Open Sesame!

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A busy weekend all round. On Saturday I took a trip to what I hope is going to be my new apiary on a nature reserve. As they're holding regular work days at the moment to keep things under control I've been lending a hand too and one of the tasks this time around was to clear an area behind some brambles off the main path to make room for some beehives so it seemed rude to leave something being done for my benefit for everyone else to sort out.

We cleared an area that is far bigger than I need initially as I'm only intending/hoping to place one colony there this year to see how it goes, while there's no open vehicular access to the site day to day it is still open to the public. Them, in combination with lots of badgers living there, means I'm a little wary about rushing down to place lots of colonies to start with. While stealing them might be tricky, kids lobbing rocks at them is far more likely and while they are 50 meters or so away from the main path, they are likely to be visible from it and I dare say draw the curious to come take a look. But if all goes well, there is plenty of room already prepared to take additional colonies.

Sunday involved a trip to the allotment to get some onions planted. While there I finally fell to temptation to take a peek inside the hive and see how they're getting on and building up. I'd been up on Tuesday to add a litre or syrup and a bit of fondant to keep them ticking over in the rain while we wait for the allotment to burst into flower.

The fondant was gone and half the syrup too and while it was a little windy, the sun was out and the temperature reasonable so off came the feed and the crownboard.

Given that it was still a little cool for my liking I did a "half" inspection. Starting at the back frames I worked forwards until I hit stores then forwards again until I hit brood and had a quick look at first frame containing brood, mostly sealed and looking ok. I then took a look at the first frame from the entrance (I have my frames warm way) intending to do the same as before but this frame contained brood in all stages rather than the stores I'd been expecting.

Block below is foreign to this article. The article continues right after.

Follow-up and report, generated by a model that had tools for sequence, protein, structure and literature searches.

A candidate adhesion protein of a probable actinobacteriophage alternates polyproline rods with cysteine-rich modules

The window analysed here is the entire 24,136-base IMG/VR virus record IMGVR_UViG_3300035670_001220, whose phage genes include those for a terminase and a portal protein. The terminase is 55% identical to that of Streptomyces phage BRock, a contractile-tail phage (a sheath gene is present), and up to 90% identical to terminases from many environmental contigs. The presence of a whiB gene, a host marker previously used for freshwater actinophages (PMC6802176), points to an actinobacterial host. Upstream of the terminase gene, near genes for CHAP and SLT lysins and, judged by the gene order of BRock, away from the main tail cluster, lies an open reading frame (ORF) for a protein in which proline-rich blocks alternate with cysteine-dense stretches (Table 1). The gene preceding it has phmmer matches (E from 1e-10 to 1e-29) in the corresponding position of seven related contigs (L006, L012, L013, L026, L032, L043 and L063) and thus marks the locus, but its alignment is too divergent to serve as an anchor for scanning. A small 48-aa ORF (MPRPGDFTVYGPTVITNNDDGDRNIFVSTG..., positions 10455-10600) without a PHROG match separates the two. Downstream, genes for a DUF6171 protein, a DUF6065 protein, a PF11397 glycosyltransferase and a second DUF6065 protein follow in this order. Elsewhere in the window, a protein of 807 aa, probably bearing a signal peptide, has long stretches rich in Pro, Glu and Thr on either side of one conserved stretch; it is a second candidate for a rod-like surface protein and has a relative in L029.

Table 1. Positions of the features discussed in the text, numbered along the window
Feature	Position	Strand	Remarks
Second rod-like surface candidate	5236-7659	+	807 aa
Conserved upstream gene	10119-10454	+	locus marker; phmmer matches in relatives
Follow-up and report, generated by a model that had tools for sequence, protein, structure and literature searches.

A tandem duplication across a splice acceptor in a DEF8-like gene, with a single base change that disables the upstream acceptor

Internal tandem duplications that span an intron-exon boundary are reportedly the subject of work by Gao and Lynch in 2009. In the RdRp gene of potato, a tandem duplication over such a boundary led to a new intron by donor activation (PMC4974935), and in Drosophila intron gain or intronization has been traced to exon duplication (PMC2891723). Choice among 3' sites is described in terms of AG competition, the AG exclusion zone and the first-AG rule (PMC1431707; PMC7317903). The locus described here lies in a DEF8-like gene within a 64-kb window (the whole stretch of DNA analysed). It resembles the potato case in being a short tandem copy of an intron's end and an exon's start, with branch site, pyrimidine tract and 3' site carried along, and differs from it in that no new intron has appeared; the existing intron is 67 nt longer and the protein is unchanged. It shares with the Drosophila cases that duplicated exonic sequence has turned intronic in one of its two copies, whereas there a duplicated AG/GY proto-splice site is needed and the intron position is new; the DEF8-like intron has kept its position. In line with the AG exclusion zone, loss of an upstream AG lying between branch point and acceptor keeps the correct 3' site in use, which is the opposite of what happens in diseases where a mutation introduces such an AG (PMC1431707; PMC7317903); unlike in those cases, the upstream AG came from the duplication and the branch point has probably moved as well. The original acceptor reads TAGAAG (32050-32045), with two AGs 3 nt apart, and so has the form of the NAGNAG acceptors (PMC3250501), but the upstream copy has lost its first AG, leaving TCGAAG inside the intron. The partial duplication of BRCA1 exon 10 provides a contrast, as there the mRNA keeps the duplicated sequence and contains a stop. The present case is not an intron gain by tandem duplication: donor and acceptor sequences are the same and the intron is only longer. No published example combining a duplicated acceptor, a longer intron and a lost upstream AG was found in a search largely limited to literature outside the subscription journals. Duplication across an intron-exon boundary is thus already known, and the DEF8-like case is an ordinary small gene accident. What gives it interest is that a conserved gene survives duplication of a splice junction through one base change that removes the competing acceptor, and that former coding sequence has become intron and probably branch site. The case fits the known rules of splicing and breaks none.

This, I believe, means I have 4 frames of brood and 2 (and a bit) of stores at the moment although I didn't disturb the rest of the brood as I didn't want to disturb things too much.

I've had the floor in for the past week and counted a whole varroa mite, however as I didn't treat with OA over winter I decided to apply an Apiguard Tray, my experience in the autumn was the day to day mite drop didn't appear to correspond with the Treatment drop that I saw, i.e. I had a lot more mites drop from the apiguard treatment than than the weekly drop suggested were present.

I know it's still a little below the recommended temperature for Apiguard at the moment and that one of the side effects can be a reduction in queen laying, but as I experienced no reduction, that I noticed, in the autumn and conscious that time is ticking on, I've decided to risk it as this colony has a lot of work to do this year.

While its been quiet on the database development front, I have now started to store "live" information in it. So far so good, the front end is giving me a bit of a headache at the moment, but it's mainly working as intended.

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